Michigan Bankruptcy Timeline
Struggling with debt? Bankruptcy could be the solution.
Repaying unmanageable debt may be, in some cases, a losing battle. Under
these circumstances, it may be necessary for the debtor to rid themselves
of this financial burden once and for all, and ultimately move forward
with a clean slate—which can be done through a
Chapter 7 or
Chapter 13 bankruptcy. Although there are numerous alternatives that can be utilized
to achieve a similar outcome, including debt consolidation, creditor negotiation
and debt settlement, filing for bankruptcy would give an individual the
opportunity to discharge most, if not all, of their debt. When faced with
a dire financial situation, this is often the most practical solution.
For this reason, you should not hesitate to explore your options with
a Michigan bankruptcy lawyer at Hensel Law Office, PLLC if you have found
yourself in a similar situation.
Preparing for Bankruptcy in Sterling Heights, MI
If you have made the decision to file for
bankruptcy in Michigan, you will need to prepare for the process ahead. Although
many people think that it starts when you submit your petition to the
court, it is important to understand that the preparation phase begins
as early as 180 days before filing. For this reason, our firm encourages
you to review the steps below:
Avoid Making Large Purchases: Many people assume that they can spend their money recklessly before filing
for bankruptcy since their debt will soon be discharged. If you make large
purchases or transfer substantial sums of money before filing, however,
the bankruptcy court may think that you are attempting to commit fraud—which
may lead to the dismissal of your case or a denied request for debt discharge.
Take the Means Test: If you are interested in filing under Chapter 7 of the U.S. Bankruptcy
Code, you will need to determine whether or not you are eligible. Since
this process would eliminate most of your debt, it is strictly reserved
for those who are in a dire financial situation. To find out if you qualify,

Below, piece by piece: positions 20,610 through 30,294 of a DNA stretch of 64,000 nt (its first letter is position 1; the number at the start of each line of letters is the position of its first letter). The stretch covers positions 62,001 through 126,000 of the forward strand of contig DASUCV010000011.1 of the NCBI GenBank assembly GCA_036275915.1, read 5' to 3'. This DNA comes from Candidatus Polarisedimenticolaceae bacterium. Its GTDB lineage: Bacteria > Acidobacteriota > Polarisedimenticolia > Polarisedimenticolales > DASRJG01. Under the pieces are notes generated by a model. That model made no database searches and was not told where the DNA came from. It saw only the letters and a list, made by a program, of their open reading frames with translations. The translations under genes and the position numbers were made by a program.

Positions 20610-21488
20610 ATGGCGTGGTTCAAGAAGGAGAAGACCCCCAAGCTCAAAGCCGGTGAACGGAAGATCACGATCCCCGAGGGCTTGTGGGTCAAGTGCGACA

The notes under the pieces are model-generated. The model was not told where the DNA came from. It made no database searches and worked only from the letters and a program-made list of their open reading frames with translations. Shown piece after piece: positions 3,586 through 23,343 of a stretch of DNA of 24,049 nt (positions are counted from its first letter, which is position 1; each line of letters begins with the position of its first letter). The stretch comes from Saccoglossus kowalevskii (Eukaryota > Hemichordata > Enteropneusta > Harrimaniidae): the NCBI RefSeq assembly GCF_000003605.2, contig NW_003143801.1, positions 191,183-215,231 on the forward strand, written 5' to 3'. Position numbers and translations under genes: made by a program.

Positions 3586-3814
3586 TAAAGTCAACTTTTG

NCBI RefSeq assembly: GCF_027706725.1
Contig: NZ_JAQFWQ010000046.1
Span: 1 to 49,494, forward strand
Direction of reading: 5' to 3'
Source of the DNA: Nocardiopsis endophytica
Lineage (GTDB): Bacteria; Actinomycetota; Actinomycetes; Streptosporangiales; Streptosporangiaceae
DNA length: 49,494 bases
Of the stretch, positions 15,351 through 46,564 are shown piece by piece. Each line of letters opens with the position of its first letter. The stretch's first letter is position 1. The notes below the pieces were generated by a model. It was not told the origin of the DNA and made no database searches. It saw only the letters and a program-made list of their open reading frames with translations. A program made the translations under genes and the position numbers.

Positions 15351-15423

you will need to take a means test—which determines how much disposable
income you can contribute to repaying debt.
Undergo Credit Counseling: Before filing your bankruptcy petition with the court, you will need to
undergo credit counseling within the preceding 180 days. The course must
be government-approved, as you will need to include a certificate of completion
with your petition. This 90-minute course will help you to evaluate your
financial situation, review some of the possible alternatives and create
a personal budget plan.
Initiating & Completing the Bankruptcy Process
Once you are adequately prepared to file for bankruptcy, you can submit
your petition with the court. It is important to understand that it may
take several months to receive a discharge of debt, but you will be able
to enjoy the protections of an automatic stay during that period of time.
The bankruptcy timeline will subsequently continue on as follows:
Automatic Stay Will be Ordered: Once your petition has been approved by the court, they will move quickly
to order an automatic stay. This order will subsequently prohibit all
creditors from continuing their collection efforts—which means that
the foreclosure process will be halted, collection agencies will be barred
from contacting you and your wages will not be garnished.
Creditors Will be Notified: Approximately 7-10 days after you have filed, the court will notify all
creditors of the bankruptcy by mail. You will also receive notice of when
you will need to appear in court—wherein you will need to decide
what debts you will continue to pay. If any of your creditors wish to
dispute the impending discharge of debt, they would have 60 days to do so.
Meeting with Creditors Will be Held: Approximately 30 days after filing, you will need to submit paperwork to
the court indicated which debts you will continue to pay. Immediately
after, you will be required to appear in bankruptcy court and meet with
your creditors—if they choose to appear. This will start the discharge
process, unless a creditor disputes a particular debt.
Applicable Debts Will be Discharged: Approximately 60-90 days after your bankruptcy hearing, all applicable
debts will be discharged. This may take longer if a creditor wishes to
dispute the discharge of a particular debt, but you can expect to find
relief within a few short months. Once the process has been concluded,
you would no longer be protected by the automatic stay.
Still have questions? Call for a free consultation!
Still have questions about the bankruptcy timeline in Michigan? The legal
team at Hensel Law Office, PLLC has the answers. We are available to sit
down with you and discuss your case—whether you have already made
the decision to file for bankruptcy or you are interested in finding a viable
alternative—so you should not hesitate to take the first step today. All you
will need to do is contact our office at (888) 258-0651 to take advantage
of a free initial consultation. After that, we would be more than willing
to meet you on the weekend or in the evening, but it is up to you retain
the help that you will need.
Contact the Michigan bankruptcy attorney at our firm today to get started.